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Naming children seems to be an art that is balanced on a shaky tightrope strung between tradition and prevailing practice.

On the one hand, we have the Ashkenazi custom of carrying on the names of those who have passed away or the Sephardi custom of honoring those still alive. (Yes, I know that when the grandparents are hovering around, it can often get political: “You remember your great-aunt Hepzibah, don’t you? She gave you a hand-knit little green sweater when you were born.” or “You know, nobody ever named after my father’s great-grandfather, Faivish.”)

On the other hand, there are the popular names that surround us, the elements of the broader culture in which we live. The most popular baby names in the U.S. last year were Mason, Liam and Ethan for boys; Olivia, Emma and Sophia for girls.

Naturally enough, there are trends in every generation based on time and place.

My parents, z”l, both born in 1911, were Chaim and Leah, and, as their generation became more Americanized: Hymie and Lena, and then quietly, by the 1950s: Hy and Lee.

In the era of my youth (I really had a youth) in the States, we were generally given two names: the Hebrew name of the ancestor and an English name which were our real “day-to-day” names.
Chana – Helen |  Yeruchum – Raymond  |  Gittel – Gloria

As Jewish pride grew with the growth of the State of Israel – and especially after the Six Day War – we began to see the “translating” of more ancient names into modern Hebrew versions:
Freida – Gilah  |  Leib – Aryeh  |  Anshel – Asher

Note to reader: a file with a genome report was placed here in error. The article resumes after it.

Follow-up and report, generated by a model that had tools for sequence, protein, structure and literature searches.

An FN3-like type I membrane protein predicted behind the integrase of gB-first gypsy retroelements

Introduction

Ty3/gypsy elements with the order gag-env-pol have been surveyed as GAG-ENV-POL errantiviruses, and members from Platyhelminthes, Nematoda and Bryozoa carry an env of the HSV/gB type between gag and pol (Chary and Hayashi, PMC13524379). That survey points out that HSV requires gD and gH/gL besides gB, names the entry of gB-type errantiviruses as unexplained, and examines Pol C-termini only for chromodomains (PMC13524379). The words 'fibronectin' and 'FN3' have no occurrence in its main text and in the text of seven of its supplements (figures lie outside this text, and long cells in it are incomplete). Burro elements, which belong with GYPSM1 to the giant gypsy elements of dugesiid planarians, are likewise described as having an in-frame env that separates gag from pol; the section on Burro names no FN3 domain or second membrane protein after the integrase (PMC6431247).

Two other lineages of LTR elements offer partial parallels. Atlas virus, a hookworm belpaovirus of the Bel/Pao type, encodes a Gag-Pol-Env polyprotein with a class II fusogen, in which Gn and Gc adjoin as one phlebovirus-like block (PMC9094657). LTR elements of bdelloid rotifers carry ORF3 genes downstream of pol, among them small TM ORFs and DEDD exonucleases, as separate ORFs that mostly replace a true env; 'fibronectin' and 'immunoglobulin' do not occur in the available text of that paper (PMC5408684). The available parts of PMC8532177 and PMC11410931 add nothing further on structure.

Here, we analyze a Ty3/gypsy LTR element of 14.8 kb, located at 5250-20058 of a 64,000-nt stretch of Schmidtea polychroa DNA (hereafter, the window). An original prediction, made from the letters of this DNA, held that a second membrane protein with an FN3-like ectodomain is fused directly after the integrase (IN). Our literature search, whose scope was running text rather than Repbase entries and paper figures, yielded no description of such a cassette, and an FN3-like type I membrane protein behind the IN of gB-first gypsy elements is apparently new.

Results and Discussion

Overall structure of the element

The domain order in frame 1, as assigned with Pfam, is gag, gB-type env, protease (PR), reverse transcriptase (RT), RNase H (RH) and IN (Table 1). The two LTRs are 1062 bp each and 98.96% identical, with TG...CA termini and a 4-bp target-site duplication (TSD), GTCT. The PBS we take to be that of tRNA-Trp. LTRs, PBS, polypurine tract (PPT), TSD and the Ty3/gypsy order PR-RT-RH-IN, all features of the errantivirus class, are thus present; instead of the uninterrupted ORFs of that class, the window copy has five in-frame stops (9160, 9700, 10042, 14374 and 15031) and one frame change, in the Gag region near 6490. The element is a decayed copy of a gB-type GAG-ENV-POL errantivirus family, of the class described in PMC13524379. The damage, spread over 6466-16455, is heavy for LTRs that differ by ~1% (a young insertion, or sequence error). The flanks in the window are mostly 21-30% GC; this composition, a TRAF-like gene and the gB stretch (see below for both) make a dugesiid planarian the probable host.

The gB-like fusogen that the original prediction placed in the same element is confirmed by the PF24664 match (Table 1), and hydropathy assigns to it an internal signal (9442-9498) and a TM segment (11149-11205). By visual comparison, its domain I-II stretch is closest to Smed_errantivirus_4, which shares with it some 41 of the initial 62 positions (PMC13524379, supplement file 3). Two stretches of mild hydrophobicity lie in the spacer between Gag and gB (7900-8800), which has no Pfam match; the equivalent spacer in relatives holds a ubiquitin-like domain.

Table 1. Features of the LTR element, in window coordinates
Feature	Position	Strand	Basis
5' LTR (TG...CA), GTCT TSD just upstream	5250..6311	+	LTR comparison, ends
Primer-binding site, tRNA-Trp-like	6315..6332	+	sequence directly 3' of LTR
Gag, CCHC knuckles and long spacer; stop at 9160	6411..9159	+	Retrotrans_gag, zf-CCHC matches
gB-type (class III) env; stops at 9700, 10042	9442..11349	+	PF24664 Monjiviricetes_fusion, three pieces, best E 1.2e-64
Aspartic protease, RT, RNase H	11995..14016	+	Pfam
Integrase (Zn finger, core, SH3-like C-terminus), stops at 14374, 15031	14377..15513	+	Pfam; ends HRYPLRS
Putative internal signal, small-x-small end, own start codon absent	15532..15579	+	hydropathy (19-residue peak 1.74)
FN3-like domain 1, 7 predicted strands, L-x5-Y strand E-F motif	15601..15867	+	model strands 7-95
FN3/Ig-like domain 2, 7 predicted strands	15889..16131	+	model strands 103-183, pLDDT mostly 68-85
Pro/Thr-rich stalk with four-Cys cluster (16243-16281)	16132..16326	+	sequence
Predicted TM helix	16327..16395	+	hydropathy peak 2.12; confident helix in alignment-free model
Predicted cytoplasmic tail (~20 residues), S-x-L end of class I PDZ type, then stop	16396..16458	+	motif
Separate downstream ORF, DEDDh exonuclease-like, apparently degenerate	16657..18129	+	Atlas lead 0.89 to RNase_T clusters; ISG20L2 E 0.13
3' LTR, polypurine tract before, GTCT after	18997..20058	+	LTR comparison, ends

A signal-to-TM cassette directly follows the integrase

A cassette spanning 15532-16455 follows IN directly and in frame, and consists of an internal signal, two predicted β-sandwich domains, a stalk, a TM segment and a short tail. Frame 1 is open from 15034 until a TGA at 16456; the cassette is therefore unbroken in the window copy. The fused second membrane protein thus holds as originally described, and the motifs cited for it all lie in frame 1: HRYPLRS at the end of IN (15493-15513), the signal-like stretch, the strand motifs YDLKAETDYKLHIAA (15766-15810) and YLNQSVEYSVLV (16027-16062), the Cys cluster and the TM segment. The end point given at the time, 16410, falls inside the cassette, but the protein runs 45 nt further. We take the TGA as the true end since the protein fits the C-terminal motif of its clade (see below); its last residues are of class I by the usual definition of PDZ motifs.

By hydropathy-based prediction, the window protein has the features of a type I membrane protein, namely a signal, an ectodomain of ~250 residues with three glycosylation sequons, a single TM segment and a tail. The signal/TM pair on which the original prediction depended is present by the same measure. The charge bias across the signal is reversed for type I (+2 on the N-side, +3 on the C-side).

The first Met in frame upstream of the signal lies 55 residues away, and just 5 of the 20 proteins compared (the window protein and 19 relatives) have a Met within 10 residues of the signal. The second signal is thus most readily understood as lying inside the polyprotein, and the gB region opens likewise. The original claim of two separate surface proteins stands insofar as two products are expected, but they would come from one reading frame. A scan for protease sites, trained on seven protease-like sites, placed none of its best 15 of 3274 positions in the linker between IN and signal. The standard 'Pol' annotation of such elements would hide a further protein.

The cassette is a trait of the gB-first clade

And it became progressively more common, more socially acceptable, to use Hebrew names as the day-to-day name: Avi, Devorah, Adina, Penina, Rafi.

In Israel, the pride in country and language has given birth to a spate of new names, names with no roots in the Bible or Jewish history or familial ancestry: names based, instead, on imagination and the use of the modern Hebrew language.

But you know how it is with older people and newer developments – art, technology, whatever: you can keep up, up to a point, and then it’s over your head. I have a computer; I have an ipod; I have an iphone; I don’t want an implanted-at-birth internet telecommunications chip and a handheld holographic image projector to show pictures of the grandkids. Too much.

When my eldest granddaughter was born, her parents announced that her middle name would be “Nitza.” I gained no points with the family, when I blurted out: “What the heck is a ‘nitza’?” Nitza, I was informed, is the early budding of the blossom. “So can I call her ‘Bud’?” I said, which lost me more points and gained me three days of lectures on civil behaviour by the new baby’s grandmother. One of my other beautiful princesses is named “Hallel” because she was born on the night of the seder, and it would have been a bad thing to call her “Maror.”

But these are relatively mild examples. Parents are giving names which have never existed but have personal meaning for them which, I suppose, was how names were given before there were people to name after and books of “10,000 Names for Your Baby” on sale in every store selling cribs and baby clothes.

So there are little Israelis running around now named, assumedly, Nechmadit (lovely) or Prichat haTapuach (apple blossom) or Chalon Meluchlach (dirty window) or whatever message their parents would like to announce to the world through the designation they assign to their descendants.

And if these names seem a little bizarre to the grandparents, so what? The language develops over time; it breathes and expands like any living being. It’s just another element of the progress of a vibrant world that sometimes leaves the older generation a step behind.

At least that’s how I explain it to Bud.